Back in September, in this piece, I wrote about how much I was enjoying US sitcom “Modern Family”, a show that had passed us by as a family throughout its 11 seasons. Its final episodes were broadcast in May 2020, and we were catching up, through Netflix initially, and then (for series 8-11) on DVD.
As expected, based on how many episodes I was watching, I completed the set (all 250 episodes) before mid-October. I recommend it unreservedly and am glad that I bought the DVDs so that I could watch it all in such a short space of time. Series 8 is now available on Netflix (it wasn’t back in September) but Series 9-11 are not yet available on any streaming services that we subscribe to. Even though the Series 11 DVDs cost more than Series 8-10 combined, I regard it as money well spent. I didn’t want to wait an unspecified number of months to find out how it was all wrapped up.
My wife and daughter are currently on Series 9 and I have happily watched dozens of earlier episodes with them for a second time. The episode that we have seen most often, and the one that got us all hooked in the first place, was the pilot (Series 1 Episode 1, or S1Ep1). Marc Freeman’s book “Modern Family: The Untold Oral History of One of Television’s Groundbreaking Sitcoms” gives a good insight into how pilot season works, for the actors in particular. Many of the cast members had auditioned repeatedly for pilots of shows that had not been successful. Traditionally, showreels from pilot episodes are screened for advertisers in the spring, to encourage them to place adverts in the shows when they’re launched in the autumn. In the case of “Modern Family” there was no sensible way to reduce the pilot down to a memorable set of clips, so the advertisers were shown the whole thing. It worked. It created a buzz that very few shows have been able to match.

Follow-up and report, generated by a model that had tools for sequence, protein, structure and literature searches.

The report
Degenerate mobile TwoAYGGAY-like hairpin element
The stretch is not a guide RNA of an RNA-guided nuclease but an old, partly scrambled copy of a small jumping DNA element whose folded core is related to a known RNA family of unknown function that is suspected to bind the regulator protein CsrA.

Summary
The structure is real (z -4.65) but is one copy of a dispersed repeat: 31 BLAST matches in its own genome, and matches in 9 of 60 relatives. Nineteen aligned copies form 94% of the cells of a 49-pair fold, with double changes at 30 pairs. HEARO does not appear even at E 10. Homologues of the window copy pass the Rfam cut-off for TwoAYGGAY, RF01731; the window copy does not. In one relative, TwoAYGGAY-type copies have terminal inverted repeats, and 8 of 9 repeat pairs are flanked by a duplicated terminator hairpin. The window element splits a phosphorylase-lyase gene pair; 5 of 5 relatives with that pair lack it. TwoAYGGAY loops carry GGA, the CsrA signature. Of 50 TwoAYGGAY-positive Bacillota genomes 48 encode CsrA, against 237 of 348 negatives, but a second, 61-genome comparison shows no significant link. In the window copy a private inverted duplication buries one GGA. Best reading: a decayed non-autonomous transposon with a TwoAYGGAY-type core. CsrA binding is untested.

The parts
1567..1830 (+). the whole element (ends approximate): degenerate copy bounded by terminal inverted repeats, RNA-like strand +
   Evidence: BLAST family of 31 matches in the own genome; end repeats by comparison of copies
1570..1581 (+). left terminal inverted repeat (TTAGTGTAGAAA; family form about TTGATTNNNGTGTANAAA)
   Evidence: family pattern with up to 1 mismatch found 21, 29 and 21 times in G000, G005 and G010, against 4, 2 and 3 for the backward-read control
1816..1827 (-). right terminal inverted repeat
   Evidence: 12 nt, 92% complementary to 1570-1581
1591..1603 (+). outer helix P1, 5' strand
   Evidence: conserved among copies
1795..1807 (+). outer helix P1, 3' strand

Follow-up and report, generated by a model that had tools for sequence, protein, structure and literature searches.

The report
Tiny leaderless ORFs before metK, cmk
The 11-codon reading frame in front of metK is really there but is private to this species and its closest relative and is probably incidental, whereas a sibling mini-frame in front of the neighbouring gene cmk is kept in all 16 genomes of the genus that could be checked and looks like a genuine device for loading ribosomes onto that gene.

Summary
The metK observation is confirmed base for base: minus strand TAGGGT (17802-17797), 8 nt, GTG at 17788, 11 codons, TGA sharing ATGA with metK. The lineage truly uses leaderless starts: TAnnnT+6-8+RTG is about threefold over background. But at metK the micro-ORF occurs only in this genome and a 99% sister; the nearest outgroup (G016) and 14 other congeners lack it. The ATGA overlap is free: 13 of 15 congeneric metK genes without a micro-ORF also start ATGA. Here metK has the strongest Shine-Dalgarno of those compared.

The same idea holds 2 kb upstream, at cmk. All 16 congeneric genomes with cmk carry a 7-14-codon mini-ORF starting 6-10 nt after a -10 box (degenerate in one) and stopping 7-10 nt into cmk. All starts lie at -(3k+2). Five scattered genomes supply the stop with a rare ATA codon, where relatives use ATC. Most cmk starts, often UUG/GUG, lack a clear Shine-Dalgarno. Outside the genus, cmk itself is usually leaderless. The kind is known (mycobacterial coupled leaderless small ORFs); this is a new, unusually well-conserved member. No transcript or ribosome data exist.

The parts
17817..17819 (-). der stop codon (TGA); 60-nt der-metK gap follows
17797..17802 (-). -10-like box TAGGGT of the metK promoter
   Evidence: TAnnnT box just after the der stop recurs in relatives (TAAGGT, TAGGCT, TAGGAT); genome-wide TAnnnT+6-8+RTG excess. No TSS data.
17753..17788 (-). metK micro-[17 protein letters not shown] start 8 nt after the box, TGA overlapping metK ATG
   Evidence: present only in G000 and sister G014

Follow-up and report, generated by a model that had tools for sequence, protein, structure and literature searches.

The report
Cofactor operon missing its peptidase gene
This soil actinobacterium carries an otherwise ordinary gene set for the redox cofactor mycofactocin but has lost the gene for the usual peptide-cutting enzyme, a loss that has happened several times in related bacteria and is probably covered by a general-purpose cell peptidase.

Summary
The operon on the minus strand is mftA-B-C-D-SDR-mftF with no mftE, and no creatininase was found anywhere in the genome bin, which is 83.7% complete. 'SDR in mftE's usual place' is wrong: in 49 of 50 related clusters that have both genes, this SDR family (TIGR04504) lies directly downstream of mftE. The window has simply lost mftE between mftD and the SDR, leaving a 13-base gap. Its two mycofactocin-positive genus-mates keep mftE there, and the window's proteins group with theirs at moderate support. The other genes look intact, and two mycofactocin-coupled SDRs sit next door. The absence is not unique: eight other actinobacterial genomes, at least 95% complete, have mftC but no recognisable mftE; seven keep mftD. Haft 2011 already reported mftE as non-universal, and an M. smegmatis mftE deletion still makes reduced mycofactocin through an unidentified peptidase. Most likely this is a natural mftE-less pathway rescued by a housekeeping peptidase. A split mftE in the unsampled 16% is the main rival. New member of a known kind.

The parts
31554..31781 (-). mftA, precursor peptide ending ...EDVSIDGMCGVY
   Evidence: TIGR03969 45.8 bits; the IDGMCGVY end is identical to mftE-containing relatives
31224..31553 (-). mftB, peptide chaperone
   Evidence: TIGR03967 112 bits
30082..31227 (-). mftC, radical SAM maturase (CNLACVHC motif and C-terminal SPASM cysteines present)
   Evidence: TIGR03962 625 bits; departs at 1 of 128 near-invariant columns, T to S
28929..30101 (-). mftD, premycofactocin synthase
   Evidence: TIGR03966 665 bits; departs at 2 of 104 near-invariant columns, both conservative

Since mid-October I have been running my own pilot season, watching S1Ep1 of a dozen shows to see if any of them create the same kind of enthusiasm that I feel for “Modern Family”. So far, only one other series has managed it: “Derry Girls”, originally broadcast on Channel 4. I have watched it in its entirety, but that is only the equivalent of half a series of a hit US comedy such as “Friends” or “Frasier”: 12 episodes (a little over 4 hours of screen time) spread over 2 series. (Series 1 is available on Netflix, with no ads, Series 2 is on 4OD, Channel 4’s catch-up services, with ads.)
There’s a full list at the end of this piece of the shows that have formed my autumn pilot season, and how far I have progressed with each one. It has made me think about which comedies we watched from the start, back when we could only watch live TV, before any of us even had VCRs. I remember that the first episode of “Porridge” made a real impression. We were quoting lines from it the next day at school (“What? With these feet?”). I also recall watching the first episode of “Whatever happened to the Likely Lads” with my parents, but had no idea who “The Likely Lads” were. I was too young for the original 1960s sitcom, and if it had been repeated it passed me by. There was a scene set in a strip club, which I was probably a bit young for. Apart from those two nothing comes to mind from my childhood or teenage years. I must have watched S1Ep1 of “Fawlty Towers” when it was first broadcast but can’t remember it specifically.